Addiction Awareness Scholarship Campaign 2020 – The Fight Against Alcoholism


The Fight Against Alcoholism

James McWhorter

29 May 2020

The Fight Against Alcoholism

My family has received its share of the effects of alcohol addiction, specifically, my late father. When he and my aunt were children, their mother was an alcoholic. The psychological toll that their mother’s alcoholism took on them is something my aunt is reluctant to share. For my aunt, her reaction to the problem was moving away from home with the first chance she got. My father, on the other hand, turned to drinking to temporarily remedy his stress and frustration. His struggles with alcohol followed all the way to his first marriage with the mother of my stepsister. Relationships and the crucial elements of trust and comfort were forgotten through his battle with the addicting substance. Soon, he started attending Alcoholics Anonymous (AA) meetings regularly to combat his addiction. During this fight, his first wife still insisted on separation and soon after, divorce. After a year of rehabilitation and support within AA, my father started his new life, met my mother, and soon had me. I wouldn’t be sitting here today if it weren’t for my father’s success in beating alcoholism. If this nation wants to remedy the addiction crisis, then we need to perform a serious reconstruction of the stigmas and programs surrounding addiction as a whole.

Alcoholism is a major problem ravishing our nation today. It has many effects and symptoms on the body. For the brain, it can ultimately cause memory loss and mood swings. It can deteriorate muscle and thus cause prolonged weakness. It can bring about an irregular heart rate, high blood pressure, and an increased chance of strokes. For the lower internal organs, it can cause numerous liver diseases, stomach ulcers, chronic gastrointestinal problems, and even pancreatitis. A major effect of alcoholism is its participation in fatal accidents. According to a study done in 2018 by the National Institute of Alcohol Abuse and Alcoholism, approximately 88,000 people die from alcohol-related accidents. Specifically, in 2014, alcoholic driving comprised 9,967 deaths, which was 31% of all driving fatalities that year. Another major effect of alcoholism is the toll of which it takes on families and relationships. According to a 2012 study, nearly 10% of the nation’s children live with an alcoholic parent. Family members and friends of alcoholics can and will experience a wide range of emotions. These can include depression, stress, anxiety, resentment, shame, and detachment. These emotions can find their way into social situations without alcohol and even the workplace. For a society, constantly producing citizens who grow up with a resentment for others’ mistakes is not a great way to be. That is why the problem of addiction must be fixed. Not only does addiction cause major problems for the addicted, but also for those around them, ultimately causing a negative disposition in society and further stigmatizing those addicted. This causes an endless cycle of mayhem.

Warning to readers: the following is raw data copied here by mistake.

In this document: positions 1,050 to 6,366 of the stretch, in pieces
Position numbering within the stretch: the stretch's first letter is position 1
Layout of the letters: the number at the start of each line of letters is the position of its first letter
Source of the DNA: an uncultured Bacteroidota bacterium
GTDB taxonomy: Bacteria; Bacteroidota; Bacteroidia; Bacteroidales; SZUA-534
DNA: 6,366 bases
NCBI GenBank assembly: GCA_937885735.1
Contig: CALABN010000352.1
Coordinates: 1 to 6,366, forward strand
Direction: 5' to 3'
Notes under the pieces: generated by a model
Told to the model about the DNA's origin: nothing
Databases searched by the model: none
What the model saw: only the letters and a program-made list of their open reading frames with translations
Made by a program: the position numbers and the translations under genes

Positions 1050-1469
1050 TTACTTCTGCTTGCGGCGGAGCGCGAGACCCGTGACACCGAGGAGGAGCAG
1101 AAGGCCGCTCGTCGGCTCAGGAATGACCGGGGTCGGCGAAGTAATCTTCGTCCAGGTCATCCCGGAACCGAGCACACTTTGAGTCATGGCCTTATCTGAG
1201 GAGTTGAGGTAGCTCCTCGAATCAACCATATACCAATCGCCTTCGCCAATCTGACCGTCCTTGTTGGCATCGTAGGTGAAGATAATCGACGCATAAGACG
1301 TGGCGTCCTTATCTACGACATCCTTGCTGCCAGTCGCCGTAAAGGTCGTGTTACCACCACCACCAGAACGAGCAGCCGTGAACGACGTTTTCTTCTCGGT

Alcoholism can also be named alcohol use disorder (AUD). According to the same study from 2018 mentioned above, approximately 14,400,000 adults aged 18 and older reported to have AUD. This number comprises about 5.8% of the age group of 18 and older. Also noted was that only 7.9% of these 14,400,000 received treatment in the past year. This leaves 92.1% untreated or at least unresponsive to the study. The study also considered a youth age group with range 12 to 17 years old. Of what was reported, an estimated 401,000 of this youth had AUD. Of these, only 5% received help, leaving a staggering 95% assumedly untreated. I feel that the population who went untreated did so out of fear of judgement. There is a belief today that addiction displays an inherent element of weakness. This stigma and the various stigmas behind other personal issues needs to be eradicated. These untreated probably felt that their problem happened with everyone else, or simply that the possibility of public shame was more threatening than admitting that they have a problem. 

Addiction and specifically alcoholism can be fought on both individual and societal levels simultaneously. The battle boils down to stigma. As stated above, many people are told to believe or misperceive that those with addiction problems are weak. This judgement only furthers the problems for those addicted, as public shame takes over. There is also a misperception that relates to peer pressure. Not everyone is drinking alcohol in high school and college, so stop telling the youth today that it is perfectly normal to binge drink or engage in heavy activities or outrageous parties. Underage drinking also needs to be further watched, putting forth the idea that it is still illegal and that it is not “cool” or normal to engage in the act. The social, political, and theological standpoints and misperceptions on alcoholism and other addictions in this nation are the reason behind addiction’s rising number of cases. If we release this notion that everyone is either strong or weak and that everybody either drinks or doesn’t, only then will we defeat alcoholism and other addictions on a mass level. 


Alcohol Alert.” National Institute on Alcohol Abuse and Alcoholism, U.S. Department of Health and Human Services,

Alcohol Facts and Statistics.” National Institute on Alcohol Abuse and Alcoholism, U.S. Department of Health and Human Services, 18 Feb. 2020,